The rationale behind our reporting this case lies in the sequence and unusual nature of events whereby clinically, at the beginning of Posterior Reversible Encephalopathy Syndrome (PRES) there is cortical blindness, radiological finding of bilateral occipital hematoma at the acute phase then its evolution to cortical atrophy in the chronic phase and subsequently the occurrence of late symptomatic occipital lobe epilepsy secondary to vascular sequelae.
Despite the high incidence of eclampsia in Africa [2
], we did not find in the literature any reference on symptomatic occipital lobe epilepsy secondary to this disease which is well described in our context.
In this case, evidence for a PRES were: postpartum eclampsia with encephalopathy and seizures, occipital localization of the lesions on CT-scan and reversibility of the disorders [6
Cortical blindness presented by our patient has been reported in the literature. Cunningham and collaborators have reported 15 women with a reversible cortical blindness related to eclampsia during 14 years [11
], and in the series by Hinchey and collaborators, out of 15 women, 3 had eclampsia, and 9 patients had visual disturbances [6
]. It is unusual that this blindness has an excellent prognosis, with full recovery of visual acuity. From a pathophysiology perspective, the blindness is linked to vasogenic edema and not vasospasm and so its reversibility is linked to the resolution of edema [12
The occipital lobe epilepsy secondary to eclampsia that we found is exceptional. Till date, two patients with occipital lobe epilepsy post eclampsia have been reported [8
] but contrary to our observation, initial brain CT imaging was normal in these two patients as reported by Plazzi and collaborators [8
The pathophysiologic mechanism of irreversible tissue damage during PRES syndrome is not clear in the literature. The irreversible damage that we found in our patient could result from a combination of events including: delay in early treatment, inadequate anti-hypertensive drugs that could worsen the brain damage by hypoperfusion, inadequate or delayed treatment for seizures or status epilepticus [7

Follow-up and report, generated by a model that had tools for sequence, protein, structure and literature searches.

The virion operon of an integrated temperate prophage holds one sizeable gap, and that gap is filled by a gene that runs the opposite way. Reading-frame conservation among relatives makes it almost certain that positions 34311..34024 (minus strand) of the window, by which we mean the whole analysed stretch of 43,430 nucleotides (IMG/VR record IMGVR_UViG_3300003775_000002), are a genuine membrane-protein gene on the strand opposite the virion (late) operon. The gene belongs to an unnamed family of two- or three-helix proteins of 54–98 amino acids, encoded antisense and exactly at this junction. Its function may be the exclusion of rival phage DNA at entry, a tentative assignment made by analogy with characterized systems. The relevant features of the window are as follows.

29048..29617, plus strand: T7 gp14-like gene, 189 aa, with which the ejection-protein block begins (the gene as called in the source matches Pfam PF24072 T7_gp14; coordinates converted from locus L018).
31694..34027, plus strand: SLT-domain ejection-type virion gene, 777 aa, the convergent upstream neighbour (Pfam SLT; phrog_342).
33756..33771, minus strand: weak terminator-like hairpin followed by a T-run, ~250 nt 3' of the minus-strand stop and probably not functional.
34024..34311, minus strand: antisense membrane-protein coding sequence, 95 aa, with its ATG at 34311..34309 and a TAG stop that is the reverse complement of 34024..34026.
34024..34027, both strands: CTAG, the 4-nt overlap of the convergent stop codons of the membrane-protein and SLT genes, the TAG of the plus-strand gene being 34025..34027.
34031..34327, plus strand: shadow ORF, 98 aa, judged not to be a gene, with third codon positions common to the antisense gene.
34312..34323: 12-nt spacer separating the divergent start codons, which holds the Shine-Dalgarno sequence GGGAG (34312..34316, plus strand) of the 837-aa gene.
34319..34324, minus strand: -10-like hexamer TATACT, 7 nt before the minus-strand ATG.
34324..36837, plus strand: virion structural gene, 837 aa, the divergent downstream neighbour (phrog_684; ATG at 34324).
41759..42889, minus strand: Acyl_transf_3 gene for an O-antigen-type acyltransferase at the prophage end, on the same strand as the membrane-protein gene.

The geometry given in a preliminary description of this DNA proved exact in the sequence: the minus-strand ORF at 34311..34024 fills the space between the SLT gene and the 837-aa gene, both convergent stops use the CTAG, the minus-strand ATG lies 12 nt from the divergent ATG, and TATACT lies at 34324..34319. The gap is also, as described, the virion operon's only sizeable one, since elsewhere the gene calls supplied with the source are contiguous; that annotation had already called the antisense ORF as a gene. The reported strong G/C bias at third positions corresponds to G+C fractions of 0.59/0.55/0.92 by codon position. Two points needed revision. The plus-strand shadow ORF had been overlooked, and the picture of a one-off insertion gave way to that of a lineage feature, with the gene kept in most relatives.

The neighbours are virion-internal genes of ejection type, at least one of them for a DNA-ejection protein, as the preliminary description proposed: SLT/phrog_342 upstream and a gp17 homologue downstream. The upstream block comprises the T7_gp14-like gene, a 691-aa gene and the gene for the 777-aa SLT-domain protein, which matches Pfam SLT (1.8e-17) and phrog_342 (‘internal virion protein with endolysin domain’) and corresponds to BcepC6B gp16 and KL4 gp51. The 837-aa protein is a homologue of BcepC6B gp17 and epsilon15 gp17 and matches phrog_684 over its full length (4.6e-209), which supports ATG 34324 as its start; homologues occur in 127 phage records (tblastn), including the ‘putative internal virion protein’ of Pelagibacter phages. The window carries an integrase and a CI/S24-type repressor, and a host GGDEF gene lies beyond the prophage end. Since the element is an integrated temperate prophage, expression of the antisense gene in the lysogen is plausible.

The anticonvulsant treatment of choice for the management of PRES secondary to eclampsia, is magnesium sulfate. Indeed, a multicenter trial [15
], including 1680 eclamptic patients showed clearly the superiority of magnesium sulfate compared to diazepam and phenytoin in the prevention of seizures. In addition, its anti-edematous effect, higher than that of mannitol during PRES is known [16
]. Also, a rapid decrease in serum magnesium seems to contemporarily trigger PRES. In the absence of controlled trial, treatment with magnesium sulfate is still elective and in the course of this treatment serum monitoring should be systematically done in cases of PRES. However, the effectiveness of magnesium sulfate in preventing eclampsia in patients with preeclampsia remains controversial [17
The use of magnesium sulfate, however, raises the problem of the choice of antihypertensive drugs. Their association with injectable calcium channel blockers, generally accepted as the treatment of choice for the management of high blood pressure at the acute phase of stroke [18
], involves a risk of aggravation: the effect of calcium channel blockers may be potentiated by magnesium sulfate, then causing a drop in blood pressure with an increase risk of acute brain damage thus, a risk of irreversible sequelae [8
In this case report, an analysis of different stages of the management shows a significant drop in blood pressure (BP) during the acute phase. Indeed, the association of maximum doses of magnesium sulfate and nicardipine resulted in a sharp fall in BP to less than 50% the original figures in less than 6 hours. This potentially damaging attitude is known to aggravate brain lesions, with onset of irreversible damage which potentially could be epileptogenic [7
According to his initial description, PRES classically causes reversible damage. However, patient care is not accurate (delayed diagnosis, inappropriate management of BP and or seizures), irreversible sequelae may alter the course of the disease.
The relationship between hypertensive encephalopathy, PRES and symptomatic epilepsy must be confirmed by longitudinal studies [7